War of the Rebellion: Serial 019 Page 0589 Chapter XXV. CORRESPONDENCE, ETC. - UNION.

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communication of Major-General Curtis, and indorsement of Major-General Halleck, to the effect that "it is of vital importance that the gunboats prevent the enemy from occupying the banks of the river between Memphis and the mouth of the Arkansas."

Commodore C. H. Davis, in command of the flotilla, has been instructed on this subject, and directions given him that the gunboats perform that duty as thoroughly as possible, and that they co-operate with the army as effectually as is in their power on all occasions. The primary object the flotilla is to keep the river unobstructed and to sweep from it all floating craft of every direction, but the officers are ordered and will esteem it a duty to assist the army in dispersing the shores and adjacent country of all enemies, not only between Memphis and the Arkansas River, but elsewhere.

I am, very respectfully, your obedient servant,

GIDEON WELLES.

AUGUST 22, 1862.

Respectfully referred to the general-in-chief by order of the Secretary of War.

P. H. WATSON,

Assistant Secretary of War.

SPRINGFIELD, August 21, 1862.

Brigadier General JOHN M. SCHOFIELD:

Rains has crossed Boston Mountains with a force variously stated at 5,000 to 15,000 armed men, with artillery. I have heard nothing more from Colonel Carroll, who it is said left Fort Smith and has moved up to Cross Hollows. No news to-day from Colonel Wright.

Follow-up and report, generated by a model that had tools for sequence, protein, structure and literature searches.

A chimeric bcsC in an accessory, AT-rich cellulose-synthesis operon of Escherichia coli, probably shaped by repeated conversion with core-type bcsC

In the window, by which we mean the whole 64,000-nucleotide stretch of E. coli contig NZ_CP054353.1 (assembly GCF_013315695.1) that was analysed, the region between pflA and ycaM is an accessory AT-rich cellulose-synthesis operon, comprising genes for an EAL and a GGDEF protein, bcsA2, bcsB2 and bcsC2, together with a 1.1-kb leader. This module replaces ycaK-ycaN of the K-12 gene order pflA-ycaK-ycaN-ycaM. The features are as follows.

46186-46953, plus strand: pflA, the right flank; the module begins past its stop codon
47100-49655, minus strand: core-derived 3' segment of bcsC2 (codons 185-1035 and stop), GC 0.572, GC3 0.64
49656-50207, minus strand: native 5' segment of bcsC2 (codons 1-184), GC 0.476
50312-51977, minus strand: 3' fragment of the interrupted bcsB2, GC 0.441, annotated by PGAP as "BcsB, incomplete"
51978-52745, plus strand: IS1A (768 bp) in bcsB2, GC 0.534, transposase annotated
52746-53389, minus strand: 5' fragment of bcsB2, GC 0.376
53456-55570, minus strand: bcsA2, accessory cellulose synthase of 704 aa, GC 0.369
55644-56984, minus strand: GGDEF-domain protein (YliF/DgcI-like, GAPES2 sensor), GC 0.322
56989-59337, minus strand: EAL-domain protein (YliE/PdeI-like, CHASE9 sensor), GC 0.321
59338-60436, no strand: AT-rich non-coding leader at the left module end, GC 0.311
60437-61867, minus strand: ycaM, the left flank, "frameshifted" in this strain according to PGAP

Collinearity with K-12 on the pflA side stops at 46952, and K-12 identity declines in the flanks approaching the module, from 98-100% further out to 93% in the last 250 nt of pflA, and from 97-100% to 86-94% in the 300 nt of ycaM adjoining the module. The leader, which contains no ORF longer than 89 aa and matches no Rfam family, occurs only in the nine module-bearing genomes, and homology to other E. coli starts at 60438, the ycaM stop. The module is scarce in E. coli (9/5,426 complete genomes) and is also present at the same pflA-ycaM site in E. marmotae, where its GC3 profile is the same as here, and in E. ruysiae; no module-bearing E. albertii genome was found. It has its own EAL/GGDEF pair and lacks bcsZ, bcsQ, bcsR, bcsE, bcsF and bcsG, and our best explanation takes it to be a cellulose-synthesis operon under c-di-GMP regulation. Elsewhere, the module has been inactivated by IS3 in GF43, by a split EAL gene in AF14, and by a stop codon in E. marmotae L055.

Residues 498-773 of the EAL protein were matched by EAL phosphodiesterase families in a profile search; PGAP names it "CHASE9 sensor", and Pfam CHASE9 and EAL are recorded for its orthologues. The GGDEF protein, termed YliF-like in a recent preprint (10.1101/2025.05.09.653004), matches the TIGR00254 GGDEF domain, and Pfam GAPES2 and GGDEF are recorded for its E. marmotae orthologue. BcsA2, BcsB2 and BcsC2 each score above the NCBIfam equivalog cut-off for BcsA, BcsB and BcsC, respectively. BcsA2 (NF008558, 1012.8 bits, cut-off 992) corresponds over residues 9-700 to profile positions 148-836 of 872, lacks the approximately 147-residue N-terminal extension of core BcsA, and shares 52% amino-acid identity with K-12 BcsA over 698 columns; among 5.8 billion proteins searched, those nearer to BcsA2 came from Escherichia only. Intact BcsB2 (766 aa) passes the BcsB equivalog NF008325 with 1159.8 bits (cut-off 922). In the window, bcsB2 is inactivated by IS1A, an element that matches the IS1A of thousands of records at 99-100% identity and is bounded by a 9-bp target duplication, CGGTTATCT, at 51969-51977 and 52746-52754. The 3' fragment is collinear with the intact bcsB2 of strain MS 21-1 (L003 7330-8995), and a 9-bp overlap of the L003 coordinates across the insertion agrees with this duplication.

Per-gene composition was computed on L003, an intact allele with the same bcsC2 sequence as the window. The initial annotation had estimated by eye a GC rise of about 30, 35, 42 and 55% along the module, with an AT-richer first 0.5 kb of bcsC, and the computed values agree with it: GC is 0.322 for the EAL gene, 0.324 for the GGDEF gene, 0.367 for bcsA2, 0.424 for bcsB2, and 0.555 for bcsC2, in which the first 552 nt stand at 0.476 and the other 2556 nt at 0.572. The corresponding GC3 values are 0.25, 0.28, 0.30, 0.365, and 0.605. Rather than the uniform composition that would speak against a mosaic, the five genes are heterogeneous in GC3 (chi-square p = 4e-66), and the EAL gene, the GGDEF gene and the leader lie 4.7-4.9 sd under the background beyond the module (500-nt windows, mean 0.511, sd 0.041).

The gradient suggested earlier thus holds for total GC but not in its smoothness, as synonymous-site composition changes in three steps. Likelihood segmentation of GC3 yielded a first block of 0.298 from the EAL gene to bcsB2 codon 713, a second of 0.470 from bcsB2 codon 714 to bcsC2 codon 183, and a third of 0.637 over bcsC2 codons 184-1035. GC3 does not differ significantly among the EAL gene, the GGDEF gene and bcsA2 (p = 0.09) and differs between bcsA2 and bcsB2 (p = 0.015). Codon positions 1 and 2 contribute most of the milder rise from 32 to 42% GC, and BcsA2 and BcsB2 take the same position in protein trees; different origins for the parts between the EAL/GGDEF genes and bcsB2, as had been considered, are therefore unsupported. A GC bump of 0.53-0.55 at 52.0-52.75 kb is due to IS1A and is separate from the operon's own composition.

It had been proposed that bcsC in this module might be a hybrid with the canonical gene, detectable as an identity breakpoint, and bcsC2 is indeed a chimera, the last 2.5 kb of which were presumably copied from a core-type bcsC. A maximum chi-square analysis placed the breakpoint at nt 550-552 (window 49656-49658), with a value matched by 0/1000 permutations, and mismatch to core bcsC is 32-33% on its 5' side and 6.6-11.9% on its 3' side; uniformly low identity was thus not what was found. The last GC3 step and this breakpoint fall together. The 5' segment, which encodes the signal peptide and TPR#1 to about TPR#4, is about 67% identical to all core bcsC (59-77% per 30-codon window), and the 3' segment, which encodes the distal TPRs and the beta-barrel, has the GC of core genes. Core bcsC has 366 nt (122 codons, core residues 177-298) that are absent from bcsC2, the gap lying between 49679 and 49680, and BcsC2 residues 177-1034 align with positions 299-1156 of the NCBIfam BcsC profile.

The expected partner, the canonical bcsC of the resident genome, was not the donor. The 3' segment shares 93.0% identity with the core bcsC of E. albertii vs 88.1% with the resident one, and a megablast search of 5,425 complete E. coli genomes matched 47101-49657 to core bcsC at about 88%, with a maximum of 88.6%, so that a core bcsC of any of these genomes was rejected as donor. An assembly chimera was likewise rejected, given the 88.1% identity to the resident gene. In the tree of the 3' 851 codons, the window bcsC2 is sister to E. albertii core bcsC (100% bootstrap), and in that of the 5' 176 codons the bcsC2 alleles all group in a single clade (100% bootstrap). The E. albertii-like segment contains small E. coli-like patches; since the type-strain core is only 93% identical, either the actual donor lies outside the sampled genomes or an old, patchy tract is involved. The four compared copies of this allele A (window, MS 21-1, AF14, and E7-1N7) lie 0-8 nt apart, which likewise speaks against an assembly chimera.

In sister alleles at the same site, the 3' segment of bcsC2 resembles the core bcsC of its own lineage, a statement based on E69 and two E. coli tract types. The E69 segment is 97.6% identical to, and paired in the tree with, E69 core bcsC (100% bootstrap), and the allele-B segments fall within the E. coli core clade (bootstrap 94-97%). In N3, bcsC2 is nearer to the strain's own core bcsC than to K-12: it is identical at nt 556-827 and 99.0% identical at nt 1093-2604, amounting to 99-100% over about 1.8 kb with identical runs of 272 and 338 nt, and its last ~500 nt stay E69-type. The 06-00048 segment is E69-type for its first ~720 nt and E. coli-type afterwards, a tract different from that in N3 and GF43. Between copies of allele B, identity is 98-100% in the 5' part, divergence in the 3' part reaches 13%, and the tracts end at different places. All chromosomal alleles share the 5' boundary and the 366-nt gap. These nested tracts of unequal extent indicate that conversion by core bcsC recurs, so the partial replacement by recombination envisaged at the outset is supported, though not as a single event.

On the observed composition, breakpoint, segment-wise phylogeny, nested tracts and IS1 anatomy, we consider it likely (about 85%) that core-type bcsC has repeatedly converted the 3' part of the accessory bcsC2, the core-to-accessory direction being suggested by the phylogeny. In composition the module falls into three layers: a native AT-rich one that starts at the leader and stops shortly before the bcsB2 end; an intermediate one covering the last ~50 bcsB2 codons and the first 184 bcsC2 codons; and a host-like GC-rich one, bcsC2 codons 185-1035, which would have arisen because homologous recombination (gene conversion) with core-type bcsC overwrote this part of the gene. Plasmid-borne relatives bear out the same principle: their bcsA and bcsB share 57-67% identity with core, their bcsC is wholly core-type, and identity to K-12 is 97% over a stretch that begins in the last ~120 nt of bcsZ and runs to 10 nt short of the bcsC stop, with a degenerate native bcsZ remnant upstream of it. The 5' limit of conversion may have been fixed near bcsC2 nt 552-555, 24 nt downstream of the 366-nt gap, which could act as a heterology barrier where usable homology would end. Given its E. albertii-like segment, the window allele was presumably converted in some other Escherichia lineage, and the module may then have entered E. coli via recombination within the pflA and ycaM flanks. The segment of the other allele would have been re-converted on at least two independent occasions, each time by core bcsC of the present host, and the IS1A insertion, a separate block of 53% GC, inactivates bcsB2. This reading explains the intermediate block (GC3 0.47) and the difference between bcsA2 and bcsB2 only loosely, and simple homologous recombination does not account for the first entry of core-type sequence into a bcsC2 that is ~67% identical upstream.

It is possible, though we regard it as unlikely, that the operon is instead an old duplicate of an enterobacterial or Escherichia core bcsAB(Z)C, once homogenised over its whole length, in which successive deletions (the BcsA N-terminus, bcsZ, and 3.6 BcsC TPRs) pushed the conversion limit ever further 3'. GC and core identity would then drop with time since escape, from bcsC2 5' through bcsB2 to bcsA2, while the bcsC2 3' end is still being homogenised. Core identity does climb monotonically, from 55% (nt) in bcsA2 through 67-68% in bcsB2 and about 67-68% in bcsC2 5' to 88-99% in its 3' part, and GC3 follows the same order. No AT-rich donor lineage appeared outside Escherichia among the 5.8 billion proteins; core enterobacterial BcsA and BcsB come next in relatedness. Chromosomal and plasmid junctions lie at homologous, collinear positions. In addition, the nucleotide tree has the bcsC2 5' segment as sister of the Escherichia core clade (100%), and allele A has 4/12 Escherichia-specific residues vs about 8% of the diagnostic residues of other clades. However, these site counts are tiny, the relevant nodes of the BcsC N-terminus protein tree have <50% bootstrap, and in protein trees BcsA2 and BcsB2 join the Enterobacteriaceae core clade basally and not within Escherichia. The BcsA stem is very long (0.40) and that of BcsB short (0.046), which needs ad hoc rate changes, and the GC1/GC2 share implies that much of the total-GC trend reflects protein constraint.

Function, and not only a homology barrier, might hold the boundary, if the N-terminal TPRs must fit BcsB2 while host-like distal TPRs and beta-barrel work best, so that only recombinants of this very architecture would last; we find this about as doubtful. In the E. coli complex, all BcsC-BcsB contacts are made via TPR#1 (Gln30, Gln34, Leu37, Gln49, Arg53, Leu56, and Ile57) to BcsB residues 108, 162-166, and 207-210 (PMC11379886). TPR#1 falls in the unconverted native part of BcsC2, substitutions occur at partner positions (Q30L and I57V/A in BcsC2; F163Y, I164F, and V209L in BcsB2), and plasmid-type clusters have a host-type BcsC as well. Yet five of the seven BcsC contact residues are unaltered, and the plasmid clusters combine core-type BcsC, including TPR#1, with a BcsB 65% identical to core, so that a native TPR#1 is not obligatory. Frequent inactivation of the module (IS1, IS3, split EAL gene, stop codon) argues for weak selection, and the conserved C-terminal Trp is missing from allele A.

E. B. BROWN,

Brigadier-General.

SPRINGFIELD, August 21, 1862.

Brigadier General JOHN M. SCHOFIELD:

My effective force is about 4,500 men; of this 1,800, with four pieces of artillery, are in pursuit of Coffee; the rest, except 200 at Lebanon, can be concentrated in one day at this post. One thousand five hundred arms have arrived for the militia. Ten companies infantry (militia) are here. The balance are scouting about the country. I have five pieces of artillery.

E. B. BROWN,

Brigadier-General.

SPRINGFIELD, August 21, 1862.

Brigadier General JOHN M. SCHOFIELD,

Saint Louis:

At dark on the 19th Colonel Wright was three hours behind Coffee, 3 miles east of him and 8 miles north of Montevallo. It was rumored that Coffee was chased by a Federal force, but Colonel Wright had not received a message since he moved from Greenfield. Colonel Wright's scouts report Coffee's horses very much jaded. Ours had the advantage.